If you’re working from home, designate your own workspace just like the kid’s schooling area I talked about before.  Not only will it help you make the change into and out of “work mode”, but it will prevent your work from creeping into the rest of your home and taking over!  As a bonus, if you have to be on camera for meetings, you only have to clean the small area that shows and you can forget about the rest of the house if you need to.

Cut Yourself Slack Where Necessary

It’s ok if your house is a mess.  If you and your family are safe, fed, clothed, and healthy, it’s ok if you let the laundry slide for a few days.  This is a freaking mess of a year and nobody is really ok right now – we’re all dealing with a ton of change and stress and grief and, according to some experts, even a form of trauma.  DO NOT hold yourself to normal standards if you’re not up to meeting them and DO NOT beat yourself up for having fewer coping resources than usual these days.

Self-Care for Everybody!

Regardless of whether you’re an autistic parent or raising autistic kids or both, everybody needs to prioritize self-care right now.  Kids and adults alike need to make time for things that make them happy and relaxed.

Breaks are important!  Sensory breaks, especially using movement, get autistic kids re-focused and help adults regulate those feelings we don’t always recognize while they build up.  So have a quick 5-minute dance party, go run around the back yard, or take a walk if the weather is good for it.  Other quick breaks from the work of coping could be singing a song or two, taking a few minutes to stim or use a fidget (if you knit or crochet, you know how much more regulated and grounded you feel after finishing a couple of rows), or making story time a daily thing.

Comfort is a high priority with everything being as chaotic as it is right now.  For some people, that means regular hot baths or a nightly cup of tea, but there’s more to it than that.  For autistic people of all ages, comfort means our favorites.  If your kids want to watch their favorite videos on repeat or request their favorite meals and snacks over and over, now is not the time to fight over that.  If you feel like listening to your favorite song on a loop or find yourself going back to your favorite shows that you can quote, that’s because they’re comforting and that’s ok!  As much as possible, make sure everyone in your family gets to have their favorite things around, including GoodFeel textures, favorite foods, movies, music, etc.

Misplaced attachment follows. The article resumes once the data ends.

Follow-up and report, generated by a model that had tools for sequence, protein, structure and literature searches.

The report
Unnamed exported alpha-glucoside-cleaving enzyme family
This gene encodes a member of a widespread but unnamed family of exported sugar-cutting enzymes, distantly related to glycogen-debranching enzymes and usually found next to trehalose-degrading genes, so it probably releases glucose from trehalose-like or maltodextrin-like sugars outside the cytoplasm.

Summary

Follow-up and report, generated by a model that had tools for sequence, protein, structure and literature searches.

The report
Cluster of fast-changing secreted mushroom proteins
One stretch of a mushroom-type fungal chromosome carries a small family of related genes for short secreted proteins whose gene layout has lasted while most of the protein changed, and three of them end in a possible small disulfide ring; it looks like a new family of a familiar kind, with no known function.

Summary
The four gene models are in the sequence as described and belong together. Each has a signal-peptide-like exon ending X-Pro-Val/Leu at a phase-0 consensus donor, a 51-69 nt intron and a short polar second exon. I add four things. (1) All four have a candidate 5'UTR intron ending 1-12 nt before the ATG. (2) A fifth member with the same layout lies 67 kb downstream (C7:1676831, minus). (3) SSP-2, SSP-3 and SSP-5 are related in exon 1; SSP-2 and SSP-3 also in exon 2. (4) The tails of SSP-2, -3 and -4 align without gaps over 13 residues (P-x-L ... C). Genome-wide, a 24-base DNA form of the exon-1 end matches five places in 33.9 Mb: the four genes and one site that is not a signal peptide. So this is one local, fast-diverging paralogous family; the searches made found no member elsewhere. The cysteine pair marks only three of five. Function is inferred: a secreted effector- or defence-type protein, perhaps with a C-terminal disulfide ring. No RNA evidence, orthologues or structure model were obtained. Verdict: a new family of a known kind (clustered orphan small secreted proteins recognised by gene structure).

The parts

This school year is not something we ever expected to have to face.  Kids are expected to go on with school and cope with changes that may not make sense to them; parents are forced to make decisions that have no truly good options available.  This is a weird, uncertain, scary time.  But keeping routines and making self-care and comfort a priority can help autistic kids and parents get back to school in this very strange year with less stress and more calm.

Black and white picture of two young girls facing each other both working on laptops. White and blue text on a purple background reads "Back to School in a Strange Year"

How are you coping with the new school year?  Are your kids staying home or going to class?  How are you keeping everyone in your family on an even keel, or how are you handling the extra meltdowns?  Autistic parents of autistic kids, do you have any insights on keeping yourself together while keeping your kids together?